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SIDS in NT 4.0

By mtkovach ·
Does anyone happen to know What is the maximum number of SIDS available in Windows NT 4.0? And where I might find it in writing?

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SIDS in NT 4.0

by Hasse MCSE/Brainbench In reply to SIDS in NT 4.0

Hi!

I don't know where you can find it in writing and I don't understand why you would need this information.

I'm not sure about this information, but since the sids are in a database of some sort you could in theory have ifninite many sids.
In real life the computer hd, ram, cpu and such will pose restrictions on the number due to lack of resources.

/Hasse
PS! I'm not sure of this, but anyway it's enough to at least being able to run 40000 users in the same domain so this is the minimum number of sids I know NT can handle. D.S.

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SIDS in NT 4.0

by mtkovach In reply to SIDS in NT 4.0

Windows NT assigns a unique SID to every user, computer, domain, group etc...The SIDS are unique and not reusable. Therfore if you delete a user the SID is used, and if you add a user a new SID is assigned therefore the 40,000 rule doesn't apply. There has to be a maximum number or why else would microsoft say not to delete users but disable and re-name.

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SIDS in NT 4.0

by Leastar In reply to SIDS in NT 4.0

Windows NT receommends disabling and renaming a user for the simple reason of keeping the rights & permissions in the event that another person takes over the previous users responsabilities. That way you do not have to go through the hassle of adding the new user to all the same groups as the previous user. This works in the event you have the account defined by the job instead of the users name.

For your proof of how many there are- on page 351 of the book titled Mastering Windows NT Server 4 Fifth Edition it states; " ...there are 4 billion (SIDs) so you're not likely to run out." Very interesting read so take a look.

Leastar

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SIDS in NT 4.0

by mtkovach In reply to SIDS in NT 4.0

That is only one reason, and the most popular for ordinary users, that Microsoft recommends disabling vice deleteing. There has been one case that I have heard of (but have not been able to find it in writing) where a company ran out due to deletion. This obviously was in the begining of NT and the company was a large enterprise with heavy turnover. Anyway I know exactly the book and section you are talking about. I realize that under normal circumstances you would never run out of SIDS but that is precisely the reason I am asking. Somewhere someone (Microsoft) has had to either; A)Done the mathematical computation or, B)Had a lot of time on their hands and tried to use them all. Thanks for your help and if you should happen to come acrosssome more info please pass it along. Thanks again.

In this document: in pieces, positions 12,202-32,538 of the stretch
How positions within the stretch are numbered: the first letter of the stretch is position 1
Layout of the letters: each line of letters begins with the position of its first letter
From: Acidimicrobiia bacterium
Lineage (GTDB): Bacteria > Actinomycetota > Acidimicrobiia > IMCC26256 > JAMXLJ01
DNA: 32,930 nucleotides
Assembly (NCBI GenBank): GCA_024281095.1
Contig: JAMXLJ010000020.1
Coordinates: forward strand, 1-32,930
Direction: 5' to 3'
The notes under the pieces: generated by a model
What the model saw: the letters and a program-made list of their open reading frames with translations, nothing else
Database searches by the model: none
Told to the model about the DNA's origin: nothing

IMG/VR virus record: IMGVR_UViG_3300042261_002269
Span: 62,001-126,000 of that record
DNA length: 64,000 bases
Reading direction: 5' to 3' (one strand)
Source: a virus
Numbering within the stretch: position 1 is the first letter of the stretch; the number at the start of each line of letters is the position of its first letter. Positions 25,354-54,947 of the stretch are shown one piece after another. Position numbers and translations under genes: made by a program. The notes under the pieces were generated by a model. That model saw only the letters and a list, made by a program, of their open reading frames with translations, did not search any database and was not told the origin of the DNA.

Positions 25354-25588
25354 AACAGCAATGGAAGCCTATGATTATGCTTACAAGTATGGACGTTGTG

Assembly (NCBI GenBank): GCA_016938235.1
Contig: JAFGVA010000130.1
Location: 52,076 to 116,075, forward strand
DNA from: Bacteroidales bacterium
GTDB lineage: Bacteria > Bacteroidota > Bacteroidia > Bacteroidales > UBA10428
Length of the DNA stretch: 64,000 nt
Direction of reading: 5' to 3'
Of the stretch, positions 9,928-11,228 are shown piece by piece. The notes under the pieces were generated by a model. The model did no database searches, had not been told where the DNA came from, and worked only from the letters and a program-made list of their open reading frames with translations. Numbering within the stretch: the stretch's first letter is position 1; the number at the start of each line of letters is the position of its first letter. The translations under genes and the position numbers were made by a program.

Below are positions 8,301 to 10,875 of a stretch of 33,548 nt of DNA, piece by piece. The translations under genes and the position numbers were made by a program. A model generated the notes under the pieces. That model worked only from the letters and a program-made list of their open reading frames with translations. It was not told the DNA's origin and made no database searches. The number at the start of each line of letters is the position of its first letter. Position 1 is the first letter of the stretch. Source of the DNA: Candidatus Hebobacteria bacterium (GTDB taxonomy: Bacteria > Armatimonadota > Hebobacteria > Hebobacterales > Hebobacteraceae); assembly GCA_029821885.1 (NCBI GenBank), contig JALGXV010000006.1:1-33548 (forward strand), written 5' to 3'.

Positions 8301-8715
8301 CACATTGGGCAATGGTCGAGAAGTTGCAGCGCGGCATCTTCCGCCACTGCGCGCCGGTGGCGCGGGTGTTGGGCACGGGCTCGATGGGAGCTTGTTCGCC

mtkovach
MCP; Control Tech.

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SIDS in NT 4.0

by James_Randy In reply to SIDS in NT 4.0

Sorry, but I don't know.

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SIDS in NT 4.0

by mtkovach In reply to SIDS in NT 4.0

That's okay thanks for reading it and taking the time. It really is a tougher question then it seems.

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SIDS in NT 4.0

by maxwell edison In reply to SIDS in NT 4.0

Greetings,

You have a very interesting question. I don't know why you would ask it, but it is interesting nonetheless. It tweaked my interest so I invested a few minutes, and I came up with the following answer.

Your question is, "What is <are> the maximum number of SIDS available in Windows NT 4.0"?

The answer is "unlimited". My reason is as follows:

SID stands for Security Identifier and is used within NT as a value to uniquely identify an object such as a user or a group. The SID assigned to a user becomes part of the access token, which is then attached to any action attempted or process executed by that user or group. If a duplicate SID did exist then all users with this SID would authenticate as what would be seen as thesame user. It is possible for cloned machines to have the same SID, which would be seen by the authentication mechanism as the same machine. The SID under normal operation will be unique and will identify an individual object such as a user, group or a machine.

Since a SID is attached to an individual object such as a user, group or a machine, one is led to ask, "What is the maximum number of users, groups, and computers in a domain"?

The answer is, "There is NO physical limit in Windows NT 4.0".

Therefore, the number of SIDs possible is "unlimited".

Sources (where you might find it in writing):

http://secinf.net/info/nt/ntfaq/security27.html

http://www.jsiinc.com/SUBC/tip1000/rh1023.htm

Regards,

Maxwell

(I must have way too mucj time on my hands.)

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SIDS in NT 4.0

by mtkovach In reply to SIDS in NT 4.0

The question was auto-closed by TechRepublic

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SIDS in NT 4.0

by Soekratis In reply to SIDS in NT 4.0

limitation on the SID is limited to the amount of resources on one machine or domain

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SIDS in NT 4.0

by mtkovach In reply to SIDS in NT 4.0

The question was auto-closed by TechRepublic

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